As I write this, I’ve just returned from a trip to Marysville, Kansas, where I worked with the staff of the Marysville Advocate on their new design, which went to the press today.
Over the past few months, I’ve worked on redesigns with several newspapers all over the US, and I’ve noticed that the technical and design issues faced by these newspapers were often quite similar.
I thought it might be helpful to share my suggestions related to a few problems that seem to crop up in many newspapers:
Clean is in – I hear it all the time after redesigns, “Wow, our pages look so clean!” People often don’t notice how cluttered their pages look until they compare them to other newspapers or redesign their pages. The paper in Kansas wasn’t as “cluttered” as many, but with a few tweaks, the pages looked even cleaner.
Text alignment – By setting the body type to “align to grid” in InDesign, lines of body text align throughout every page. By aligning text to the grid, columns always line up evenly at the top and bottom. It’s important to set only the body text to align to grids. Aligning anything else causes confusion. I was proud when I saw the pages of the Marysville Advocate this morning, and all body text aligned evenly across the pages.
Thin lines are in – I remember when most newspapers set borders around photos at 1 or more points. With the advent of computer design, most moved their border size to around 0.5-1.0 point. With better methods for making plates and printing, it’s possible to have even thinner lines around pictures. I’ve been using 0.4 point borders on most pages I’ve designed lately. Thin lines fit with the “Clean is in” philosophy.
Use clipping paths (cutouts) sparingly – It’s easy to get excited about clipping paths and other techniques available in Photoshop and InDesign. Just because it’s “fun” or “cute” doesn’t mean the reader wants to see these special effects throughout your pages. A clipping path can be very effective now and then – perhaps on a cover page. But when overused, they get in the way of good design.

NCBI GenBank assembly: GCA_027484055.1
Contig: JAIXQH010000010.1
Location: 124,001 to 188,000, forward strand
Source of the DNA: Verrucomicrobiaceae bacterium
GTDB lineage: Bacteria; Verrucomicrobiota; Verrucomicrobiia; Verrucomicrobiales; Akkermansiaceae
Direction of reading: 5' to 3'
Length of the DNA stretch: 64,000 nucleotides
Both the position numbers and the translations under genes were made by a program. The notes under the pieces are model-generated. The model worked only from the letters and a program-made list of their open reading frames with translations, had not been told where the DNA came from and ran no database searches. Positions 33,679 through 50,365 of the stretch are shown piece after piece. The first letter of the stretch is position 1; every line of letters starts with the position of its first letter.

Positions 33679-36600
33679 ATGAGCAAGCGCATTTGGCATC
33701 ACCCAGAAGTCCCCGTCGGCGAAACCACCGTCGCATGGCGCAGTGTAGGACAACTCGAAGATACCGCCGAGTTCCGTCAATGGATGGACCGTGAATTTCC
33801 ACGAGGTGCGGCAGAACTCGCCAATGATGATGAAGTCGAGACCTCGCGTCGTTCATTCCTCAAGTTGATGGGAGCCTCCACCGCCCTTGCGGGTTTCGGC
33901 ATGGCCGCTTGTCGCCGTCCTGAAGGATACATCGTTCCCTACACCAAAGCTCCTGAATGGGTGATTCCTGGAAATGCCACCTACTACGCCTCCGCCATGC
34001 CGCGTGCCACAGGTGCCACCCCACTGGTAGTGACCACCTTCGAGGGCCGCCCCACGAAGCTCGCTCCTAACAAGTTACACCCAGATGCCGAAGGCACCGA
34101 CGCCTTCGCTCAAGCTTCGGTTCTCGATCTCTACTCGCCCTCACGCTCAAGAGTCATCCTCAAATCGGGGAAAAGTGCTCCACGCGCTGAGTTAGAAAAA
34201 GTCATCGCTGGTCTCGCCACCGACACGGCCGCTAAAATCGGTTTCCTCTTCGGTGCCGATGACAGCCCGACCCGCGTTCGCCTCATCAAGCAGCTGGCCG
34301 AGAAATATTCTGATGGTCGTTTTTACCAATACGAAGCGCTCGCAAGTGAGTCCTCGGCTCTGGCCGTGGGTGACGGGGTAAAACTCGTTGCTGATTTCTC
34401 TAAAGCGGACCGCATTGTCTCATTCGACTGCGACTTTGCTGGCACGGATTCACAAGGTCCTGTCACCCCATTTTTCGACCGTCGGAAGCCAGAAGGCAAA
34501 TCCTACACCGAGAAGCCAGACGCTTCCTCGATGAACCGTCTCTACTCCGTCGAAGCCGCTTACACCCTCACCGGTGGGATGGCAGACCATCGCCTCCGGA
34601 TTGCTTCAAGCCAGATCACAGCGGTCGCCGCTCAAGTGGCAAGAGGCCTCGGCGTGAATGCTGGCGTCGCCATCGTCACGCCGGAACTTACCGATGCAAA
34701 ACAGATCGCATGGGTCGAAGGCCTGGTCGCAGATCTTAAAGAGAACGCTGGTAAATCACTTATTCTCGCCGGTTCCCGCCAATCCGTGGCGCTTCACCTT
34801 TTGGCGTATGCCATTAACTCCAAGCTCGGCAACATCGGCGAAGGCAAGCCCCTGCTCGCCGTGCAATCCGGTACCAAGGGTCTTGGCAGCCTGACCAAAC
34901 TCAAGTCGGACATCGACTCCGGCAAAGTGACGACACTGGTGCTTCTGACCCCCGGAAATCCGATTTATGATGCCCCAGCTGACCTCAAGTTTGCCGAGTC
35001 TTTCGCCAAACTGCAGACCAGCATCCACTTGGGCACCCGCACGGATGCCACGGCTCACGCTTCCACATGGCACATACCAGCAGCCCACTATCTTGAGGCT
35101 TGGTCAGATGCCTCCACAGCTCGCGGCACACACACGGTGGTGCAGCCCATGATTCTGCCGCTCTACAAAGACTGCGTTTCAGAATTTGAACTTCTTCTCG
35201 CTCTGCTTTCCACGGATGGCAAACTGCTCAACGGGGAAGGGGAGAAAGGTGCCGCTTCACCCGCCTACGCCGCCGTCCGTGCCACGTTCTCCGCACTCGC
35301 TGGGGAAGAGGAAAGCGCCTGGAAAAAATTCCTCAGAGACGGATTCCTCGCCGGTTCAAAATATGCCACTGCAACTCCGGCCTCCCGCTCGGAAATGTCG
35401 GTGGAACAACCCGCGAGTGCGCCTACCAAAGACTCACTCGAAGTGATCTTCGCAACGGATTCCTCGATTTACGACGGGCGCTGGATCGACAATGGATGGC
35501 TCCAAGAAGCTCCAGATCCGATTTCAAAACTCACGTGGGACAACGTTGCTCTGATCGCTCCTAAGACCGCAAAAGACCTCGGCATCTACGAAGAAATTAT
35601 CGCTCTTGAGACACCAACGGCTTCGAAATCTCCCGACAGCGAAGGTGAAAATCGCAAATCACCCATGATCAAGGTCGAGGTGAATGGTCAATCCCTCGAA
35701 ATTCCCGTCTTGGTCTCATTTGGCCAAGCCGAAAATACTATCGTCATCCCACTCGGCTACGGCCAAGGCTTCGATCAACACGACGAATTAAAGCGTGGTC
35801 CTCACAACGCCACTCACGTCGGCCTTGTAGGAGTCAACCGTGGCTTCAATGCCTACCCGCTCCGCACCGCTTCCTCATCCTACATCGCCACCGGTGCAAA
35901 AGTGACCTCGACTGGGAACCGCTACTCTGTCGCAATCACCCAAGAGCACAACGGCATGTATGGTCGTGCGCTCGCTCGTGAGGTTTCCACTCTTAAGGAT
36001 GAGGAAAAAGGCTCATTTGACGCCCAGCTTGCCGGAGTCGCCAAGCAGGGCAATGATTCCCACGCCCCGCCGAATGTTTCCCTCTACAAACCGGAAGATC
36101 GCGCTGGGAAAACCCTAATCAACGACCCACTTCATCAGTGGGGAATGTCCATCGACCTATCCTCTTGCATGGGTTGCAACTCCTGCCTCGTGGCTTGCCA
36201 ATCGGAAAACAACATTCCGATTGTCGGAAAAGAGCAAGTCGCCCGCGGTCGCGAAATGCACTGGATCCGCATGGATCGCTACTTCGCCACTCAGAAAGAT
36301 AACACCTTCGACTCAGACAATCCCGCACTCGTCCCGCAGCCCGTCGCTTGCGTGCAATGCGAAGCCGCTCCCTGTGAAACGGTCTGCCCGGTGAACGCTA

The fewer typefaces, the better – I used two font families when designing the Marysville newspaper. Headlines and body text were all in the same serif typeface. Subheads, cutlines, and other text elements were variations of the same sans-serif typeface.
When a skilled designer mentioned how many fonts were available in Adobe Creative Cloud, I reminded her that every high school student has access to the same fonts. We want to be sure our pages don’t look like church newsletters.
Ragged right is in – I know, you’ve used justified text since the 1850s. Remember that readers prefer ragged-right text.
I won’t be there when you’re designing your paper, and I probably won’t be reading it, so it doesn’t matter to me how you align your text. It does, however, matter to your readers.
A publisher in New York wrote to me about ragged-right text today, “Thanks for helping us stay abreast of design trends.”
Always use the shoulder rule – Crop those photos to the shoulders. All that space to the left, right, and above the image is wasted space. There are times we break this rule, but they should be rare.
By cropping photos correctly, space is saved for more text – or to fill the photo frame, making the picture appear even more prominent.
Replace older fonts – Use Acumin instead of Helvetica; Nimrod in place of Times or Schoolbook. Resist the urge to use a typeface you were using 15 years ago.
“Good design never goes out of style.” That’s what my design mentor, Ed Henninger, told me many times. Sure, the tools we use to design pages change. The fonts, styles, and elements change with the times. But the basics of good design never change.
When I’m tempted to try something flashy or “out of the box” on a page, I always ask myself, “Is that good design?” Otherwise, I might look at the page a few years from now and ask myself, “What was I thinking?”